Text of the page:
I constantly work on being a good listener, keeping my attention from wandering, restraining myself from interrupting, looking at the person instead of around the room. I'm not great at it, I know. Several times lately I've gotten the message to try to be a better listener. Today Hanson's email contained this chapter from the book. I'm passing it on to others who might need some guidance as I do. I love what he had to say.

The Practice
Ask questions.


My dad grew up on a ranch in North Dakota. He has a saying from his childhood - you may have heard it elsewhere - that's: "You learn more by listening than by talking."

Sure, we often gain by thinking out loud, including discovering our truth by speaking it. But on the whole, listening brings lots more valuable information than talking does.

Nonetheless, many people are not the greatest listeners. (You've probably noticed this already: at work, at home, when you're trying to work something out with your partner . . .) What's it feel like when they don't listen to you? Or maybe listen, but don't inquire further? It's not good. Besides missing out on important information - including, often most importantly, your underlying feelings and wants - they're sending the implicit message that they're not that interested (even though, deep down, they might be).

Then turn it around: what do you think they feel like if you don't listen that well to them? Not very good either.

Being a good listener brings many benefits: gathering useful information, making others feel like they matter to you, sustaining a sense of connection with people, and stepping out of your own familiar frame of reference.

One of the best ways to listen well is to ask questions. It makes you an active listener, it shows that you've been paying attention, it can get things out in the open (Mommy, is that emperor parading in his boxers?!), and it slows down emotional conversations so they don't get out of hand.


As a therapist, I ask questions for a living. Plus I've been married a long time through thick and thin, and raised two kids. As they say in medicine: good judgment comes from experience . . . and experience comes from bad judgment. So I offer some fruits of my bad judgments!
· Questions can be nonverbal. A raised eyebrow, a nod to say more, or simply letting there be a bit of silence are all signals to the other person to keep going.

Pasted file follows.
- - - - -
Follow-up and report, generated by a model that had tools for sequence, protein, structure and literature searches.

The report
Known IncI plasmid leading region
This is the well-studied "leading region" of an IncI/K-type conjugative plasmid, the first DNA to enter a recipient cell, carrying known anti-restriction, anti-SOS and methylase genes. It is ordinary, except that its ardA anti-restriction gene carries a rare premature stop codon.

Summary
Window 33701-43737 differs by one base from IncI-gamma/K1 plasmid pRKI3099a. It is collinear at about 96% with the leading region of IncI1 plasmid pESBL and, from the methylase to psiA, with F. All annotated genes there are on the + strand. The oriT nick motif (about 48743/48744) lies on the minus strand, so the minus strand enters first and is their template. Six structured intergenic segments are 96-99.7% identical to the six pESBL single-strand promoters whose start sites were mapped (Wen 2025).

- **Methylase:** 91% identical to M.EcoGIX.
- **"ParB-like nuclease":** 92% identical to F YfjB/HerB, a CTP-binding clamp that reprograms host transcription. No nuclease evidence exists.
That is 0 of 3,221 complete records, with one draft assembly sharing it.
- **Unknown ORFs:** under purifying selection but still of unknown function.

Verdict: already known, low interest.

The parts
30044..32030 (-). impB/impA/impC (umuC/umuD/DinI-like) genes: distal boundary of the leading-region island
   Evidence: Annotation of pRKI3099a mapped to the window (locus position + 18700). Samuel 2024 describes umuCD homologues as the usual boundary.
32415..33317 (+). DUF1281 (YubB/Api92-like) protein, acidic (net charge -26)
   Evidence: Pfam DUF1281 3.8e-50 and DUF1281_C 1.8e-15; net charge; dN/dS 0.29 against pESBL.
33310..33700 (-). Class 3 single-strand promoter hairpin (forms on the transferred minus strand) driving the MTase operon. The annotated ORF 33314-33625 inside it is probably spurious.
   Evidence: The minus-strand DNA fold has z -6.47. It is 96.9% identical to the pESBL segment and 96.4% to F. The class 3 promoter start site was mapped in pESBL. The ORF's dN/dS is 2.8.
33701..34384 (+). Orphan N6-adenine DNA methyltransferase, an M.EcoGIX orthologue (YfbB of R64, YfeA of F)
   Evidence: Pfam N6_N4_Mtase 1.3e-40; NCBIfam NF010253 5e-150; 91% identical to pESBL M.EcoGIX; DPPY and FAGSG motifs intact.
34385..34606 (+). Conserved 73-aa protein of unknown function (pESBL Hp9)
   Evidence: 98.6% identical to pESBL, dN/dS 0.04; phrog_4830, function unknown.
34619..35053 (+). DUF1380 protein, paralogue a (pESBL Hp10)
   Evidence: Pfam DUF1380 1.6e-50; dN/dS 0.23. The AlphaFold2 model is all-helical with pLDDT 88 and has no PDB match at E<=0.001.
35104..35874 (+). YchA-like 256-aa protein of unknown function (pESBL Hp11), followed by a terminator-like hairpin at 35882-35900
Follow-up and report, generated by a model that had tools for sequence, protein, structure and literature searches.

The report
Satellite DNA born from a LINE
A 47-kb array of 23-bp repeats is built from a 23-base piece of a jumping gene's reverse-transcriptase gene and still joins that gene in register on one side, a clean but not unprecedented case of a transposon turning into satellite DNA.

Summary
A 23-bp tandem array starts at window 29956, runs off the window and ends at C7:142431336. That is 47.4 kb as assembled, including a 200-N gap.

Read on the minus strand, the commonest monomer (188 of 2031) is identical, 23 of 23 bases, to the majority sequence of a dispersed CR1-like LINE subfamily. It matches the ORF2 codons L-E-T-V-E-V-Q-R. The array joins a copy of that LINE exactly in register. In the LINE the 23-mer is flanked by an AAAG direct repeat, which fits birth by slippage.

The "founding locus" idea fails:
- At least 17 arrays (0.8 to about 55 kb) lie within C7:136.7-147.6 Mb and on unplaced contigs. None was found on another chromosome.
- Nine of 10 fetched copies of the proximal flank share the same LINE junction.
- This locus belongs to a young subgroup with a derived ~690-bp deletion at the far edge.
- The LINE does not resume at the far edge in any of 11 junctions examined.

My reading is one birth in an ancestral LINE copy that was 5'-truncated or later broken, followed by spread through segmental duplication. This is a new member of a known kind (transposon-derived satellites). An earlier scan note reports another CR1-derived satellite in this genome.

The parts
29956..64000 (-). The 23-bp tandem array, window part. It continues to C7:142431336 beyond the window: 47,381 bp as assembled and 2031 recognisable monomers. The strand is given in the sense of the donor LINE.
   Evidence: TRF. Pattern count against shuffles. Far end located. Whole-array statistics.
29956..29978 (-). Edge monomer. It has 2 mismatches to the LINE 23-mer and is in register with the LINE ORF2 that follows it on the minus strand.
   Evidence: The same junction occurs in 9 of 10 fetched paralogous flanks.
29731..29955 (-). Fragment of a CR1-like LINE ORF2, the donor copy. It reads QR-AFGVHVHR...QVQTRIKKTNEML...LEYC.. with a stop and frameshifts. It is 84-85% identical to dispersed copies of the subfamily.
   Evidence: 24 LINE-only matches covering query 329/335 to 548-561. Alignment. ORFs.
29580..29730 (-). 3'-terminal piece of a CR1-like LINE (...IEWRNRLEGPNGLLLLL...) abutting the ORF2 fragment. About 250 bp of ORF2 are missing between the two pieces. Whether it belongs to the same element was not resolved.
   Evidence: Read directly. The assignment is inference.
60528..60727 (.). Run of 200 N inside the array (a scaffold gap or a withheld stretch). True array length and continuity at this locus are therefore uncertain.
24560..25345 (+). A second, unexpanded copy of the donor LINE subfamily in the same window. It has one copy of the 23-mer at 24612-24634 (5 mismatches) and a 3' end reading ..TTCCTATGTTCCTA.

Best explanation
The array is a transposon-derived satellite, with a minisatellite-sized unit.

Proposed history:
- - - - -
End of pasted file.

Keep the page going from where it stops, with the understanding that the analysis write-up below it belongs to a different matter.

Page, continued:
· Have good intentions. Don't ask questions like a prosecutor. It's fine to try to get to the bottom of things - whether it's what bothered your mate the most about her conversation with her friend, or what your son is actually doing this Saturday night, or what your role is supposed to be in an upcoming business meeting. But don't use questions to make others look bad.

· Keep the tone gentle. Remember that being asked a question - particularly, a series of questions - can feel invasive, critical, or controlling to the person on the receiving end; think of all the times that kids get asked questions as a prelude to a scolding or other punishment. You could check in with the other person to make sure your questions are welcome. Slow questions down so they don't come rat-tat-tat. And intersperse them with self-disclosure that matches, more or less, the emotional depth of what the other person is saying; this way they're not putting all their cards on the table while you keep yours close to the chest.

· As appropriate, persist in getting a clear answer. If you sense there's still some problematic fuzziness or wiggle room in the other person's answers, or simply more to learn, you could ask the question again, maybe in a different way. Or explain - without accusation - why you're still unclear about what the other person is saying. Or ask additional questions that could help surface the deeper layers of the other person's thoughts, feelings, and intentions.

· Different kinds of questions are appropriate for different situations. For example, trying to get clearer about a project your boss wants you to do is definitely not like a delicate inquiry into what might help things go better in a physically intimate relationship. Questions about facts or plans are usually pretty straightforward. For the murkier, more emotionally charged territory of friends and family, here are some possibilities:

How was _______ for you?
What do you appreciate about _______ ? What bothers (or worries) you about _______ ? Are there other things you're feeling (or wanting) besides ______?
What did this remind you of?
What did you wish had happened, instead?